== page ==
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SEATTLE, WA- Washington Nonprofits, Washington State’s nonprofit association, reacted today to Governor Inslee’s signing of the DISCLOSE Act.
“The DISCLOSE ACT is designed to enhance transparency and accountability in our state’s elections and we look forward to partnering with state government to ensure that nonprofits know how to comply with the new law,” said Washington Nonprofits Executive Director Laura Pierce. “Ironically, certain congressional leaders are currently threatening these same principles through their ongoing effort to restrict or repeal the Johnson Amendment, a longstanding federal tax law that requires tax-exempt 501(c)(3) nonprofit organizations to be nonpartisan. Repealing the Johnson Amendment would be a major mistake. The law is a vital shield that prohibits charitable resources from being used to support or oppose candidates for public office. The law benefits nonprofits because it keeps partisan politics from interfering with nonprofits’ service to their communities.”
“Repealing or weakening the Johnson Amendment would fly in the face of the DISCLOSE Act by potentially unleashing a flood of tax-deductible dark money into our country’s political system,” said Washington Nonprofits Director of Public Policy and Advocacy David Streeter. “Political donors are likely to misuse the nonprofit sector by making contributions to 501(c)(3)’s for partisan political purposes in order to receive a tax deduction instead donating to political organizations that are not tax-deductible. This would harm nonprofits’ service to communities and erode the public’s trust in nonprofit organizations. Washington Nonprofits hopes that our state’s congressional delegation will stand with the agencies that serve their constituents by opposing the Johnson Amendment repeal effort.”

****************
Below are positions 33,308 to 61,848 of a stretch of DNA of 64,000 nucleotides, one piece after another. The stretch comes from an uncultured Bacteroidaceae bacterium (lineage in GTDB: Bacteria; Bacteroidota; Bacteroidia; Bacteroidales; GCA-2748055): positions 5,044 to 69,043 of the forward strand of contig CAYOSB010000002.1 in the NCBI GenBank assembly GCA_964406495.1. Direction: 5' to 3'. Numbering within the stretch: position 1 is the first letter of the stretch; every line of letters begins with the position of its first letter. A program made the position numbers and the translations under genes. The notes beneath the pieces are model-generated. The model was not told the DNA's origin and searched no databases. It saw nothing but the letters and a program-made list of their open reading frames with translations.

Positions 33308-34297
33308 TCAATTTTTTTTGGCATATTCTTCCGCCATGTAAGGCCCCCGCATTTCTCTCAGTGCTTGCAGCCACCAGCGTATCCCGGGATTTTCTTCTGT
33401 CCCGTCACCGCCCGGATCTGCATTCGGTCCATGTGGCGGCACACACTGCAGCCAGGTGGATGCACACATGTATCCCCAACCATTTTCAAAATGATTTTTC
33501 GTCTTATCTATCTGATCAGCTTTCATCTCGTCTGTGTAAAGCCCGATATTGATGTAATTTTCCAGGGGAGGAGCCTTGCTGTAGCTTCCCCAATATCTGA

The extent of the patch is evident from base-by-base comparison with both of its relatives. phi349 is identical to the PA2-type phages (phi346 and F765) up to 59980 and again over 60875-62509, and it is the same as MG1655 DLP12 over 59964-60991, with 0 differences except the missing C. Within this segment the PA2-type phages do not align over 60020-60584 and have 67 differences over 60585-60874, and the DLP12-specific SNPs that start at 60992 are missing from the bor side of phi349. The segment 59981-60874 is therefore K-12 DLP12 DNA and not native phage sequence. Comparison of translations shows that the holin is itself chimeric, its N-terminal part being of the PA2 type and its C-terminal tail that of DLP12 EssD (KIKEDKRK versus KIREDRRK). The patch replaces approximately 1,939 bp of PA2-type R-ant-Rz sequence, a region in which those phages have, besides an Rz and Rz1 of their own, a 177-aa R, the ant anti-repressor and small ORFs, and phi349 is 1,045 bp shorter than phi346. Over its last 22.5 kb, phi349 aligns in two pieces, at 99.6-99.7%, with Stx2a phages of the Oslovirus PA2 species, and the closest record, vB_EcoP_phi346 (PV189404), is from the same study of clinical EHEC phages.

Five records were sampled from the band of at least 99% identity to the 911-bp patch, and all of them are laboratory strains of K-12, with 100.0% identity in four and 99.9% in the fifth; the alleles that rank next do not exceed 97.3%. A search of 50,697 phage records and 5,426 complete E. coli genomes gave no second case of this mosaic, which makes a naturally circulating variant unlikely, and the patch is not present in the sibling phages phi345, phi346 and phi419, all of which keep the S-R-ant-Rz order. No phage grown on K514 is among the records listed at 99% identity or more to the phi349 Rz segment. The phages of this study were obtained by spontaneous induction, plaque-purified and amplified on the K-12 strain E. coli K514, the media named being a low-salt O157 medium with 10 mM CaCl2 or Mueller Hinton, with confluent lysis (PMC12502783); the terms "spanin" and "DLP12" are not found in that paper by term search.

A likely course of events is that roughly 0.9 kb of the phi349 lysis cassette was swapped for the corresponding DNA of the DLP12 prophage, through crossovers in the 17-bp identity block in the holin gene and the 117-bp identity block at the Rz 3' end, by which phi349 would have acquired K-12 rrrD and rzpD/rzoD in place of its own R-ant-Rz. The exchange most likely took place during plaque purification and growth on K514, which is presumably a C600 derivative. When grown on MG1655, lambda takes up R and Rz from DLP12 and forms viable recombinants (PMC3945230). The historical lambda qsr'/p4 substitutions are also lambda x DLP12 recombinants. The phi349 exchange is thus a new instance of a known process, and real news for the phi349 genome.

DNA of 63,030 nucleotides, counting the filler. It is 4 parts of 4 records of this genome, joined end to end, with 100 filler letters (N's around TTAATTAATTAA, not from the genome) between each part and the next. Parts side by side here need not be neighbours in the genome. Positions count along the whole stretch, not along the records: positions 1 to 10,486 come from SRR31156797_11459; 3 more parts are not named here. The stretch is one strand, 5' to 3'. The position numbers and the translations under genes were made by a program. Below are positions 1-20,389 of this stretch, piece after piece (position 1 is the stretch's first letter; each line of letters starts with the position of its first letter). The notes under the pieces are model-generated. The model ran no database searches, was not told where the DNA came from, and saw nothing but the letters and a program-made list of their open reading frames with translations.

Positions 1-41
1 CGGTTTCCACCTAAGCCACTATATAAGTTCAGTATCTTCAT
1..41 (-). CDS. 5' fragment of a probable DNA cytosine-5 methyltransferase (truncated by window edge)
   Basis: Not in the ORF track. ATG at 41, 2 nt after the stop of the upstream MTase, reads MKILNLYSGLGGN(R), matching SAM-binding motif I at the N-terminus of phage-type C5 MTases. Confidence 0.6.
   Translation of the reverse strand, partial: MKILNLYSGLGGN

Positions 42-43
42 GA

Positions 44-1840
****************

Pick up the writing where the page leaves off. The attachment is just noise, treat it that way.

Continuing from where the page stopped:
The Johnson Amendment, a part of the Internal Revenue Code, requires tax-exempt 501(c)(3) nonprofit organizations to be nonpartisan. Specifically, the law declares that, in exchange for the ability to receive tax-deductible contributions, charitable, religious, and philanthropic organizations may not “support or oppose any candidate for public office.” The Johnson Amendment rightfully prohibits tax-exempt nonprofits from endorsing candidates for public office and from devoting resources to the election or defeat of a candidate. The Johnson Amendment keeps nonprofits above the political fray and enables organizations to keep their collective focus on their missions, rather than partisan politics.
Over the past year, the President, other powerful politicians, and well-funded interest groups have sought to repeal or weaken this important protection. Anti-Johnson Amendment leaders attempted unsuccessfully to repeal it during the tax reform process. They were defeated in their attempt because nonprofits, houses of worship, state charity regulators, and private citizens raised their voices against this harmful policy proposal. Now, the same forces are trying hard to attach an anti-Johnson Amendment rider to the must-pass federal spending bill that is needed to prevent the third federal government shutdown this year. The deadline for the spending bill to pass is March 23, 2018.
Please contact Washington Nonprofits for additional comment on the Johnson Amendment and the DISCLOSE Act.